In the prior art the forward end portion 90P of the load beam 56P is made by etching which results in a top front sharp corner 91 which is adjacent bottom surfaces of the wires 76. During one manufacture of the head gimbal assembly and head stack assembly, there are various shock loadings applied to the slider due to tooling and transportation which results in vertical, pitch and roll excursions of the slider. The vertical and roll excursions are limited by the roll tabs 80 on the load beam. Also, when the slider 50 flies over the surface of a disk there are additional pitching and rolling movements of the slider. With low profiled wiring there is a high potential of abrasion of the wires 76 by the sharp corner 91 causing fretting of the wires. Fretting debris can damage the disk drive due to contamination as well as possibly causing a short between the wires 76 and the load beam 56P. Fretting debris is schematically illustrated at 92 in FIG. 7 which is an enlarged forward portion 90P of the load beam with a wire 76 adjacent the sharp corner 91. There is strong-felt need to eliminate the potential of fretting debris and shorting of wires to the load beam in a low profile wired HGA wherein the load beam is constructed by etching.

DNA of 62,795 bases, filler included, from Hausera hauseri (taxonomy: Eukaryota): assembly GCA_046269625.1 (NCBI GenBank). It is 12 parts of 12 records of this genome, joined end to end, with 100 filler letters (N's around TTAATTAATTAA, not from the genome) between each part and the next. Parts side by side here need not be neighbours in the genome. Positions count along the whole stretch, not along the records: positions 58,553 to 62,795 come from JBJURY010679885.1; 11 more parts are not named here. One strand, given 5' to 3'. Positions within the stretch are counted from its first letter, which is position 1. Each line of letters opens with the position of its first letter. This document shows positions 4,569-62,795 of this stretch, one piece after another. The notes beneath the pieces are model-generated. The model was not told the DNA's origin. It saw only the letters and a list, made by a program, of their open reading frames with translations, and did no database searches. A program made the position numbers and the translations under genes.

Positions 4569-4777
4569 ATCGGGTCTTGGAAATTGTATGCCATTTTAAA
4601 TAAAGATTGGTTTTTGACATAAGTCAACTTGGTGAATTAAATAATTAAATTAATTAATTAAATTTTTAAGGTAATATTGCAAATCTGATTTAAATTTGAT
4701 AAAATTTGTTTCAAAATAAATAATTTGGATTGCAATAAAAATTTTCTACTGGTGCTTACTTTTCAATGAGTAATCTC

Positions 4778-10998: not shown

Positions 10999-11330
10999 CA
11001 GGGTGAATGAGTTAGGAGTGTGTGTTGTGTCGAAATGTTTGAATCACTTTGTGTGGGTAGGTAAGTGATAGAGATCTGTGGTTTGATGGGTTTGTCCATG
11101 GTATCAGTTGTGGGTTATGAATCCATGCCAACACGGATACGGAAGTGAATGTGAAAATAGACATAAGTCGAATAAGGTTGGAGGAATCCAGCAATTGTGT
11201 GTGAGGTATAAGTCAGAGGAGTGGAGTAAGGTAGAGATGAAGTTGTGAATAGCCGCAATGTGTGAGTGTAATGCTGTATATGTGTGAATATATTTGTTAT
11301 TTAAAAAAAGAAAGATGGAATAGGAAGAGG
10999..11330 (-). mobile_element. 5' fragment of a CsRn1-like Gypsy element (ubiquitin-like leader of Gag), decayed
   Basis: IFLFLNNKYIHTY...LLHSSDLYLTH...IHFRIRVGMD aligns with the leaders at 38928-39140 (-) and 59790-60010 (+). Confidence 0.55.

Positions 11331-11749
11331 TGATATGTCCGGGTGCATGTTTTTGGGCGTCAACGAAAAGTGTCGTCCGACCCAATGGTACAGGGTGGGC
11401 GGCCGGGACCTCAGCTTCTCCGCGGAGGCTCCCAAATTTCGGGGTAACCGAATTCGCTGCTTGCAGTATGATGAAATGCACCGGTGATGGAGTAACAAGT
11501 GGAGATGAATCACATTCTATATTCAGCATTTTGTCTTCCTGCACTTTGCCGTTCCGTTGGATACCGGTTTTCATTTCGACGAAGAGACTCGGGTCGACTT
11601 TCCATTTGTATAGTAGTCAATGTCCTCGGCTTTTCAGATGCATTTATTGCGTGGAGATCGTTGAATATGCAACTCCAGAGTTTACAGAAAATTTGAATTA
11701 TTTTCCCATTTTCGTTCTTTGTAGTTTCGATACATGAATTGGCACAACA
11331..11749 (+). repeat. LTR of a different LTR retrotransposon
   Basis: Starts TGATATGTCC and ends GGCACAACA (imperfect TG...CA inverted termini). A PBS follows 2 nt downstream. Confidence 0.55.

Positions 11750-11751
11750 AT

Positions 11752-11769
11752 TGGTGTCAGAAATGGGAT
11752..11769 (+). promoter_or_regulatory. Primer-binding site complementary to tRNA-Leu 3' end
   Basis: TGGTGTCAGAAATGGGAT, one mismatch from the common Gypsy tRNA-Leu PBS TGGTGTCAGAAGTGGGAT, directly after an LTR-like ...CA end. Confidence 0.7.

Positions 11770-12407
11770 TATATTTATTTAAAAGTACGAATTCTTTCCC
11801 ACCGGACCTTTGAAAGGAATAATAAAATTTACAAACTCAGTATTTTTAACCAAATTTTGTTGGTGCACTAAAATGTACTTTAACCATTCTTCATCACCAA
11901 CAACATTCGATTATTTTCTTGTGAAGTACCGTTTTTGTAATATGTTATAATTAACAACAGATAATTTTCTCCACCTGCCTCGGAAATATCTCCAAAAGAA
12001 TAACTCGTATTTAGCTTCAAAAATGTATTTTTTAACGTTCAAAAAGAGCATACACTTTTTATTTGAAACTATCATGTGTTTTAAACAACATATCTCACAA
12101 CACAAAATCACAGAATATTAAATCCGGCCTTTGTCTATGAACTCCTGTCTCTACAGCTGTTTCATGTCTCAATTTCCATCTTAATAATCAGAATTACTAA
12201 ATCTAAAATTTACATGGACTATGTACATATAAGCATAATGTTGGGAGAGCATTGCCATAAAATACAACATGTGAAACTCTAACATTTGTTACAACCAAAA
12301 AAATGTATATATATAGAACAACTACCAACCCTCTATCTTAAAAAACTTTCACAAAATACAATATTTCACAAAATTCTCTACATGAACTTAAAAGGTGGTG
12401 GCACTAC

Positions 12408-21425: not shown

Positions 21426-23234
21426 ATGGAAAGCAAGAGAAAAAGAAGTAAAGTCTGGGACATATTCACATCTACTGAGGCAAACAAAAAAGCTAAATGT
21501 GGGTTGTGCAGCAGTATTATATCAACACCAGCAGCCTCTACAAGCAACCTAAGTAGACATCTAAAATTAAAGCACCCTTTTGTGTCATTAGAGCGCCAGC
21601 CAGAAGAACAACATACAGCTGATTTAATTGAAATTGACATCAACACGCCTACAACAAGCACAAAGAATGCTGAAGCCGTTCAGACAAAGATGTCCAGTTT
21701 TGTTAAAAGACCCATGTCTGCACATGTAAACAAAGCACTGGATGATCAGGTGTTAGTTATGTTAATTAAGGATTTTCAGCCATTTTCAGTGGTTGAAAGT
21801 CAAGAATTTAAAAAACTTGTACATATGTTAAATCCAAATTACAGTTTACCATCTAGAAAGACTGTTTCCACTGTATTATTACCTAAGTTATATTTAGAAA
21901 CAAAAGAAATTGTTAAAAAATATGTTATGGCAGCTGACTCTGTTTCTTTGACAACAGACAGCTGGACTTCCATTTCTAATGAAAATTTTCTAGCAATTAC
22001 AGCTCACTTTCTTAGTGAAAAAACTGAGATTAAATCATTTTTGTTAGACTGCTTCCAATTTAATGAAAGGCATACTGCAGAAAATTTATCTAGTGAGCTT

The invention is embodied in suspension 42 and is illustrated in FIGS. 8-11, wherein the forward end portion 90 of the load beam 56 is uniquely configured to eliminate fretting of the wires 76 as they move there across. The load beam 56 has a substantially uniform thickness between its top and bottom surfaces and is substantially planar except for the side rails 94, the pair of tabs 80 and the forward end portion 90. The forward end portion 90 of the load beam 56 has a reduced thickness and a top curved edge 102 adjacent the wires 76. As shown in FIG. 11, the preferred thickness of the forward end portion 90 is substantially 50% of the thickness of the remainder of the load beam 56. However, the thickness of the forward end portion 90 may be in the range of 20% to 50% of the thickness of the remainder of the load beam 56. The forward end portion 90 may have a straight portion 104 which extends downwardly from the curved edge 102. In the preferred embodiment the forward end portion 90 does not extend below a bottom surface 103 of the load beam 56. With this arrangement there is no intrusion of the forward end portion 90 into space which is reserved for flexure movements of the tongue 60 and legs 70 (see FIG. 9) in response to pitch and roll movements of the slider 50. By removing a partial thickness of the load beam from the bottom of the forward end portion 90 material which would normally penetrate this space is absent. If no material is removed from the bottom of the forward end portion 90 the bending shown in FIG. 11 would drop the front end portion 90 into the space which is reserved for the aforementioned flexure movements. An etching process, which will be described in detail hereinafter, is employed for obtaining the reduced thickness forward end portion 90.